Canada’s economy is just too darn strong, and it’s become a thorn in the central bank’s paw. That was the takeaway from Bank of Canada (BoC) Governor Tiff Macklem’s speech to the Standing Committee on Finance to discuss inflation this morning. Inflation is easing but remains more than three times its target. If meaningful progress doesn’t appear soon, the Governor warns that further monetary policy tightening will be needed.
Inflation Targets, Supply, and Demand
First, a little background for those just learning about monetary policy, and its role in driving inflation.
Central banks adopt an inflation target to ensure a stable currency. The target needs to be low enough that it isn’t restrictive, but high enough to prevent the hoarding of cash. The current BoC inflation target is 2%, and its primary tool for achieving it is influencing demand via interest rates.
Many factors can cause inflation, but monetary policy is the key driver in the current environment, and the BOC is treating it that way. When inflation is too low, central banks “ease” by reducing interest rates and essentially flood the market with cheap money. This allows people to borrow their future income for consumption today. The goal is to intentionally overrun the current supply to create higher prices, aka inflation.
When inflation is too high, a problem many central bankers thought impossible in this era, monetary tightening is needed. The most common way to tighten is by raising interest rates—reducing leverage, and making borrowing less attractive. This leads to softer demand, reducing pressure on supply and easing price growth.
BoC research previously found that it takes 18 to 24 months for monetary policy to work its way through the system. That means we haven’t even seen the full impact of the first rate hike this cycle, which occurred in March 2022.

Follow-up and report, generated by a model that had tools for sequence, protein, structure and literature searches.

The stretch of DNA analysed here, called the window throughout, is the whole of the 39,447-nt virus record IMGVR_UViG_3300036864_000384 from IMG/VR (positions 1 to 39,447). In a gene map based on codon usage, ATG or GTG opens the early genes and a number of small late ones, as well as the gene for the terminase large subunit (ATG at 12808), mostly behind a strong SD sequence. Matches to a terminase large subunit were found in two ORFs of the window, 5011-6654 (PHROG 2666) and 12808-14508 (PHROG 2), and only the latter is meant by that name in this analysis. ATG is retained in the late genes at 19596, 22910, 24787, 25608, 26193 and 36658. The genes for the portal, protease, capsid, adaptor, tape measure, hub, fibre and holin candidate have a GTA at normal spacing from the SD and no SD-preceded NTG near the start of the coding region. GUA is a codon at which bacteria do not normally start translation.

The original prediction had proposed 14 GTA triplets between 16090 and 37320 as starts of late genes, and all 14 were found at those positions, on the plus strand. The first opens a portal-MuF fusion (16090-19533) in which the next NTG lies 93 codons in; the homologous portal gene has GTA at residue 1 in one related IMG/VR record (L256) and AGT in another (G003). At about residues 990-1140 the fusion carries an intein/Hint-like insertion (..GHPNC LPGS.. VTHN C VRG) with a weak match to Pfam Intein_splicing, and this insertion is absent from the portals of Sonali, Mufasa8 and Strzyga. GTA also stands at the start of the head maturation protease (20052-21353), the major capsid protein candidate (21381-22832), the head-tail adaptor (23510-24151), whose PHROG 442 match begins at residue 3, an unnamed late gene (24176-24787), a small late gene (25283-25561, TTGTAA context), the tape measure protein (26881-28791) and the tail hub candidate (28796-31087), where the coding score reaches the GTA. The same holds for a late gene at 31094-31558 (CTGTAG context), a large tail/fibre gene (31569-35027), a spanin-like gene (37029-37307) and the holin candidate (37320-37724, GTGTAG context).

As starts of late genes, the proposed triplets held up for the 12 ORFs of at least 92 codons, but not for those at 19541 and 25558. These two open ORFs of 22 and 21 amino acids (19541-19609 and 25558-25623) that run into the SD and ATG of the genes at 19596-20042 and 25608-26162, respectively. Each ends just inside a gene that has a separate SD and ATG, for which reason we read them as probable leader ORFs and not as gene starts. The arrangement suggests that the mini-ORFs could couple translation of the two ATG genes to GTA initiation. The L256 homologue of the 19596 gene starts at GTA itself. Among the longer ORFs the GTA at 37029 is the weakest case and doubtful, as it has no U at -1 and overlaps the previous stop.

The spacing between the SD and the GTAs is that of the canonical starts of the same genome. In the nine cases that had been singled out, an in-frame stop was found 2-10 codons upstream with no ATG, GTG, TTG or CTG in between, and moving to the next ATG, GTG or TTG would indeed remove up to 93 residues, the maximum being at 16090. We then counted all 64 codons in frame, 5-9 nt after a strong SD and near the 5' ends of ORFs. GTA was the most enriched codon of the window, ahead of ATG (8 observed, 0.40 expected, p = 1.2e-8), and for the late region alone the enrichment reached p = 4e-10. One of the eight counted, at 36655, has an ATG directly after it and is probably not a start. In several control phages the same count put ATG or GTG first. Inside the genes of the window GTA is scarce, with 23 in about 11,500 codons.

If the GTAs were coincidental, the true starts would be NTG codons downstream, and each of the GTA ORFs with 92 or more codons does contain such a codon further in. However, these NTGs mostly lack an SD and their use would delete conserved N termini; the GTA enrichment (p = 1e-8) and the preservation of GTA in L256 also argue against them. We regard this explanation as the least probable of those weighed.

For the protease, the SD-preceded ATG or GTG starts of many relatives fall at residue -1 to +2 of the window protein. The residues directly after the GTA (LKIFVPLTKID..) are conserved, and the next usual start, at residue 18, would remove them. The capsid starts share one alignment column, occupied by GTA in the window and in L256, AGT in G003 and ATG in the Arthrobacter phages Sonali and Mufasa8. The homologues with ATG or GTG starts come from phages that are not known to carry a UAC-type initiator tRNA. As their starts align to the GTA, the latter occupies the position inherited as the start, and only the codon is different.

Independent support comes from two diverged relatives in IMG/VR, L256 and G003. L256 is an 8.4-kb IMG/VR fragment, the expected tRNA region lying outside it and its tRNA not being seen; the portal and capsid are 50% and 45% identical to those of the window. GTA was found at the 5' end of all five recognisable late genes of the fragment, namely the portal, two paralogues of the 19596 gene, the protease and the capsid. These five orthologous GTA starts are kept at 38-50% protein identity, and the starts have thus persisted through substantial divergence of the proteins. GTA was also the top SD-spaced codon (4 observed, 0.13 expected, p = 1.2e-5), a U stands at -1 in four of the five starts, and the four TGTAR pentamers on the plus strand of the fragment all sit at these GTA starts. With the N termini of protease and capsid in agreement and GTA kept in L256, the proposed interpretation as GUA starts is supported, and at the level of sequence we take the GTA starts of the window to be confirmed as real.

Now, onto today’s speech.
Canada’s Economy Is Still Overheated, Even With Soaring Rates
Despite all of the recession talk, Canada is showing few indicators of a slowing economy. The Governor highlighted robust employment data, showing near record-low unemployment, lofty job vacancies, and companies still reporting labor shortages. On paper, this isn’t a slowdown—it might be one of the best economies ever, even if it doesn’t feel that way with the soaring cost of living.
“The Canadian economy remains overheated and clearly in excess demand, and this continues to put upward pressure on many domestic prices,” the Governor bluntly explained.
No, it’s not just your Realtor—there are also signs of the economy slowing. The Governor used examples of interest rate-sensitive industries, like housing and furniture, to show higher rates have already begun to work.
They also point to slowing consumption growth, though that was expected anyway. Multiple reopenings of the economy aren’t a thing, right?
“Overall, the restrictive stance of monetary policy is helping to rebalance demand and supply,” explained the Governor.
He reiterated the central bank’s January forecast, showing next to zero gross domestic product (GDP) growth for the first 3 quarters of 2023. Ideally, the central bank sees inflation returning to its 2% target by 2024.
Canada Might Require Further Monetary Policy Tightening
It won’t be easy to cut the current rate of inflation by two-thirds, to get back to target. For that to happen, all of the positive employment data above would need to be unwound.
“For inflation to get back to 2%, the effects of higher interest rates need to work through the economy and restrain spending enough for supply to catch up,” explained the Governor.
Adding, “The tightness in the labor market needs to ease, wage growth needs to moderate, and service price inflation needs to cool. Inflation expectations also need to come down and businesses return to more normal pricing behavior.”
Without an erosion in labor and consumer purchases, Canadians might face even higher interest rates. “If those things don’t happen, inflation will get stuck above our 2% target, and additional monetary tightening will be required,” warned the Governor.
That might be a problem, the market has begun to price in interest rate cuts. Risks are stacking to the upside.
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Bank of Canada essentially follows the rates of the US Federal Reserve.
If it’s raised there, it also has to be raised here.
The rest of the analysis hardly matters.
Upper bound of fed funds rate:
– Canada: 4.50%
– US: 4.75%
The US was lower before the hikes, Canada went first, and still fell behind.
Canada is unable to follow the US because of its debt load. If your consumers are twice as indebted as another country, their point of failure is much lower. This is something the Bank of Canada realizes, failiin
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